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Theories of interpersonal attraction : an investigation of their applicability to children's peer relations through the gender cleavage phenomenon

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Cowles, Sharon Clare 1996 , 'Theories of interpersonal attraction : an investigation of their applicability to children's peer relations through the gender cleavage phenomenon', Coursework Master thesis, University of Tasmania.

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Abstract

It is recognised that children's experiences with their peers have implication for their adjustment in later life. Much research in the area of children's peer relations has been conducted. However, studies largely have been atheoretical in nature. Existing theories of interpersonal attraction more usually applied to adult social relations appear to have some applicability to understanding children's sociometric status and friendship. The aim of this review is to examine these theories and determine their usefulness with respect to the area of children's peer relations. One clearly identified peer relations phenomenon in the literature is the gender cleavage, that is, the tendency for children to prefer same-gender as opposed to opposite-gender peers as friends.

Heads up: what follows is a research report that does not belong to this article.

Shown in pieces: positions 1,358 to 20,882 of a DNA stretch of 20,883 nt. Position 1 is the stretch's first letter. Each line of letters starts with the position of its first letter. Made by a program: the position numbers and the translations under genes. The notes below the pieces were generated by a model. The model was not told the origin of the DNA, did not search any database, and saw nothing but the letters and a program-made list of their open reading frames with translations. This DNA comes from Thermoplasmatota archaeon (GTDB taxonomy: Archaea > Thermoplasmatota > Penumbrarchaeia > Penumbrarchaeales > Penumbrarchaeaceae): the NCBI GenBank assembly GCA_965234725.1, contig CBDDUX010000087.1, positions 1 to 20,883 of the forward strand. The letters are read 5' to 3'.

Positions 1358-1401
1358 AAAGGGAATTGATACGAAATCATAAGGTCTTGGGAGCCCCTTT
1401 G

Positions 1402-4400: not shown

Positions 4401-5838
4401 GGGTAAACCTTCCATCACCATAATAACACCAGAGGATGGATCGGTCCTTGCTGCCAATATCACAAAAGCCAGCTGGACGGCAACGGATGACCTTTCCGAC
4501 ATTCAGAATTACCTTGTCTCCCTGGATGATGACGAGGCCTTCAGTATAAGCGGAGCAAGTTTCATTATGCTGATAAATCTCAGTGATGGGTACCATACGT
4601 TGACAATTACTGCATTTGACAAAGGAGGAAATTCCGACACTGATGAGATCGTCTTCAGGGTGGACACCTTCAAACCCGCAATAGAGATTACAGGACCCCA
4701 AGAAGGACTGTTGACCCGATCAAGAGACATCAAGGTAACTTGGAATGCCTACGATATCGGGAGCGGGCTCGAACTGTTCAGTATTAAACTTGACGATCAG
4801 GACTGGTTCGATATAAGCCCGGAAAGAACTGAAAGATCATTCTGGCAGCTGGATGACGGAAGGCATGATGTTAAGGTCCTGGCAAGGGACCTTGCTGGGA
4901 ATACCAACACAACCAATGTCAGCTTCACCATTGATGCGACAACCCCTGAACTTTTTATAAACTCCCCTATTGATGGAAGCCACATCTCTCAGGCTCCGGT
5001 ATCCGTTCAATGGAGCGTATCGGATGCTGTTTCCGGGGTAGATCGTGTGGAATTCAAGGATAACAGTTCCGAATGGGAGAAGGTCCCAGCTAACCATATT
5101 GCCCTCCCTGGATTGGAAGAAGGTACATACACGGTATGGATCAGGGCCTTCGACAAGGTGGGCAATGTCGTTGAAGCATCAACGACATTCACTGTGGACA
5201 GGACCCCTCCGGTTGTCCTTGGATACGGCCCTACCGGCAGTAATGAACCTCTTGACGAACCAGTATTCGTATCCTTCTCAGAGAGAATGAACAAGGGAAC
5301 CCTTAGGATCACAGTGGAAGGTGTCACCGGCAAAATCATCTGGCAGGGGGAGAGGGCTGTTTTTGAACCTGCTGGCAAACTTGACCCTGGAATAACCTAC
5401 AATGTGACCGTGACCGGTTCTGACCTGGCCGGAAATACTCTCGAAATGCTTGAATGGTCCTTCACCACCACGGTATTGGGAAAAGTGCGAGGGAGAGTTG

This review discusses the adequacy of two opposing theories of interpersonal attraction, specifically the Balance Theory (Heider, 1958) and the Theory of Social Exchange (Homans, 1951) in explaining gender cleavage. Although both theories may be used to explain children's peer preferences, it is not clear which is more useful in understanding children's peer relations.
The review concludes that the gender cleavage phenomenon, while constituting but one aspect of children's sociometric status and friendship, may provide a useful platform from which to test the applicability of two contrasting theories of interpersonal attraction to children's peer relations.

Item Type: Thesis - Coursework Master
Authors/Creators:Cowles, Sharon Clare
Keywords: Interpersonal attraction, Interpersonal communication in children, Cognitive balance, Children
Copyright Holders: The Author
Copyright Information:

Copyright 1996 the Author - The University is continuing to endeavour to trace the copyright owner(s) and in the meantime this item has been reproduced here in good faith. We would be pleased to hear from the copyright owner(s).

Additional Information:

Thesis (M.Psych.)--University of Tasmania, 1996. Includes bibliographical references

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